With the industry aligned conceptually on a high level approach and scope for traceability, the group proposed that the next step was to develop a more detailed working document that can be used to formalize the definition and application of key data elements and critical tracking events. Volunteers were solicited to propose details to the larger group around the following issues: overall approach, including examples; CTE/KDE definition and application; and the return on investment for public health and businesses. The group felt that a third face-to-face meeting was needed to review the deliberations of the small working group.

Additional Resources

David Acheson, 18 August, 2011. “Product Tracking: Impact of FSMA” http://www.leavittpartnersblog.com/product-tracking-impact-of-fsma-10003090

FDA, 2011. SEC 204 Enhancing Tracking and Tracing of Food and Record keeping. http://www.fda.gov/Food/FoodSafety/FSMA/ucm247548.htm#SEC204

Natl. Agriculture and Food Traceability System: Industry Government Advisory Committee Roadmap for Livestock and Poultry. http://www.ats-sea.agr.gc.ca/trac/ind-eng.htm


IFT greatly appreciates the financial support provided to the Traceability Improvement Initiative by silver level partners BASF Nutrition & Health and Underwriters Laboratories, and bronze level partner the Natl. Fisheries Inst.'s Fisheries Scholarship Fund. IFT also expresses gratitude to GS1 US for sponsoring the conference facilities for this Summit.

Finally, IFT appreciates the efforts of Dr. Bruce Welt (Univ. of Florida), Gay Whitney (GS1 US), Steve Mavity (Bumble Bee Foods), and Mary Wilson (GS1 US), who facilitated the breakout sessions, and Patricia Buccheri (GS1 US) and Rebecca Humora (GS1 US) for capturing the essence of the conversations.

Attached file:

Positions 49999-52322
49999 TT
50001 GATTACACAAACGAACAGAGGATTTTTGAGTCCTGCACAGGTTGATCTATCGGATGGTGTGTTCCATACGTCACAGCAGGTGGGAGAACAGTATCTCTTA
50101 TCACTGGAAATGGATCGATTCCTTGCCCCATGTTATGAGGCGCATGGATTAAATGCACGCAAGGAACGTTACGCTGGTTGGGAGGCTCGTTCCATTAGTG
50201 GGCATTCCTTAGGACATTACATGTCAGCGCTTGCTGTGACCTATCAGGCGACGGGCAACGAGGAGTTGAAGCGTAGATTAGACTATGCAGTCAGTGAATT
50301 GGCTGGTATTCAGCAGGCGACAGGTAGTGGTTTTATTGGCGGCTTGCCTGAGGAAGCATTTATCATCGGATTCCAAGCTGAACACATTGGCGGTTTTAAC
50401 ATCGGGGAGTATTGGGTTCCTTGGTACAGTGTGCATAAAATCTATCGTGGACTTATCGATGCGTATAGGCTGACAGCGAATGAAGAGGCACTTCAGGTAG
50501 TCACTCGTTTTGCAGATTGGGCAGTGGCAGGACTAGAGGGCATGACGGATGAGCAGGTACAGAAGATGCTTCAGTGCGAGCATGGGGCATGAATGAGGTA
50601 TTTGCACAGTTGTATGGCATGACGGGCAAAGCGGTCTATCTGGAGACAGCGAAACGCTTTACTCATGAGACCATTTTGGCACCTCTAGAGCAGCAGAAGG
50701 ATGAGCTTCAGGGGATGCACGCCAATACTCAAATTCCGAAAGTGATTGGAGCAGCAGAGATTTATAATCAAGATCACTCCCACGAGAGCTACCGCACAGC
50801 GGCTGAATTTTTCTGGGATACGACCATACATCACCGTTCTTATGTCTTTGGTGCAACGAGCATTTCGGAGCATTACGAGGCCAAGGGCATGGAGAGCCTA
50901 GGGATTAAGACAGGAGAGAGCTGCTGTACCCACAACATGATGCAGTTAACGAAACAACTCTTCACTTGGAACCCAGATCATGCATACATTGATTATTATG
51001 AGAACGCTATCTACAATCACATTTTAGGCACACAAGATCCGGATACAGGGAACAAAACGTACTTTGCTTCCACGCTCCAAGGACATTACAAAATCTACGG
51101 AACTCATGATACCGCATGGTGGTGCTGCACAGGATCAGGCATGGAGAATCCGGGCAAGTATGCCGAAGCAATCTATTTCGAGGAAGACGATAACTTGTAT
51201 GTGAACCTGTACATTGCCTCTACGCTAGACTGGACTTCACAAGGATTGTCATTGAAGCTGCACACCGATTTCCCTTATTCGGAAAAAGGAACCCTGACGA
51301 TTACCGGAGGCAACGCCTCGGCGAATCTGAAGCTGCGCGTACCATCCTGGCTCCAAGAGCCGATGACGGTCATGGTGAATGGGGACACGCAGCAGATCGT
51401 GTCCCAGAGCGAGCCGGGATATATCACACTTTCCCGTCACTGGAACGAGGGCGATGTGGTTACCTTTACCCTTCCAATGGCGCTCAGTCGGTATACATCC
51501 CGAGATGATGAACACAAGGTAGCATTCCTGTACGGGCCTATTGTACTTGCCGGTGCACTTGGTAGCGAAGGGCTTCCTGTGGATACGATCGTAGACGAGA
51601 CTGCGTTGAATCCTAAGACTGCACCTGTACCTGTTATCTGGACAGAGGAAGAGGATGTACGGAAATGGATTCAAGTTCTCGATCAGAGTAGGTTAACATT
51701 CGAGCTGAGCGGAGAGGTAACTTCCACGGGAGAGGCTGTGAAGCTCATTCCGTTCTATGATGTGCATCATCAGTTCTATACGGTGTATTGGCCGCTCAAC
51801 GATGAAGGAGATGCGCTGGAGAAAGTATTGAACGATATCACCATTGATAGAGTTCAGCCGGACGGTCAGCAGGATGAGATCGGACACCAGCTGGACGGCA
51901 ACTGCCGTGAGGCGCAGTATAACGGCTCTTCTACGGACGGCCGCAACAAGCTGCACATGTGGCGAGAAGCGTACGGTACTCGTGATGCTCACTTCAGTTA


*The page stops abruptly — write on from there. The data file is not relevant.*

In addition, the active participation of all attendees was critical to the success of this event, and IFT thanks everyone who took the time to attend:

David Acheson, Leavitt Partners LLC; Douglas Bailey, USDA-AMS; Chris Balestrini, GMA; Bob Bauer, Association of Food Industries; Tejas Bhatt, IFT; Elizabeth Board, GS1; Tom Bowman, Underwriters Laboratories Inc; Jonathan Brania, UL; Pat Buchheri, GS1 US; Greg Buckley, PepsiCo Inc; Bob Bunsey, SPEDE Technologies; Jeffrey Chester, Food Service of America; Robert Decker, Deloitte; Clay Detlefsen, IDFA; Sue Fangmann, McDonald's Corp.; Faye Feldstein, Deloitte Consulting; Angela Fernandez, GS1 US; William Fisher, IFT; Andy Furner, Trace Register; Mark Galletta, Nestle-USA; Patty Harvey, ConAgra Foods; Michael Hausman, Center of Excellence; Craig Henry, Deloitte & Touche; Ana Hooper, Darden; Rebecca Humora, GS1 US; Amanda Josey, BASF Corp.; Andrew Kennedy, FoodLogiQ LLC; Hank Lambert, Underwriters Laboratories Inc.; Qingyue Ling, Oregon State Univ.; Brenda Lloyd, UFPC, LLC; Paul Lothian, Tyson Foods, Inc.; Steve Mavity, Bumble Bee Foods; Jennifer McEntire, IFT; Sherri McGarry, FDA, CORE, Office of Foods; Joan McGlockton, Natl. Restaurant Association; Benjamin Miller, Minnesota Dept. of Agriculture; Melanie Neumann, PricewaterhouseCoopers; Vikki Nicholson, US Dairy Export Council; Jan Morritz Olsson, TraceTracker AS; Gale Prince, Your Food Safety Coach; Kevin Richardson, Heartland Solutions Group Inc; Michael Roberson, Publix Super Markets Inc; Michele Samarya-Timm, Health Educator, Somerset County, NJ; Caroline Smith DeWaal, Center for Science in the Public Interest; Hilary Thesmar, Food Marketing Inst.; Ed Treacy, Produce Marketing Association; Bruce Welt, Univ. of Florida; Gay Whitney, GS1 US; Mary Wilson, GS1 US; and Amanda Zychowski, IFT.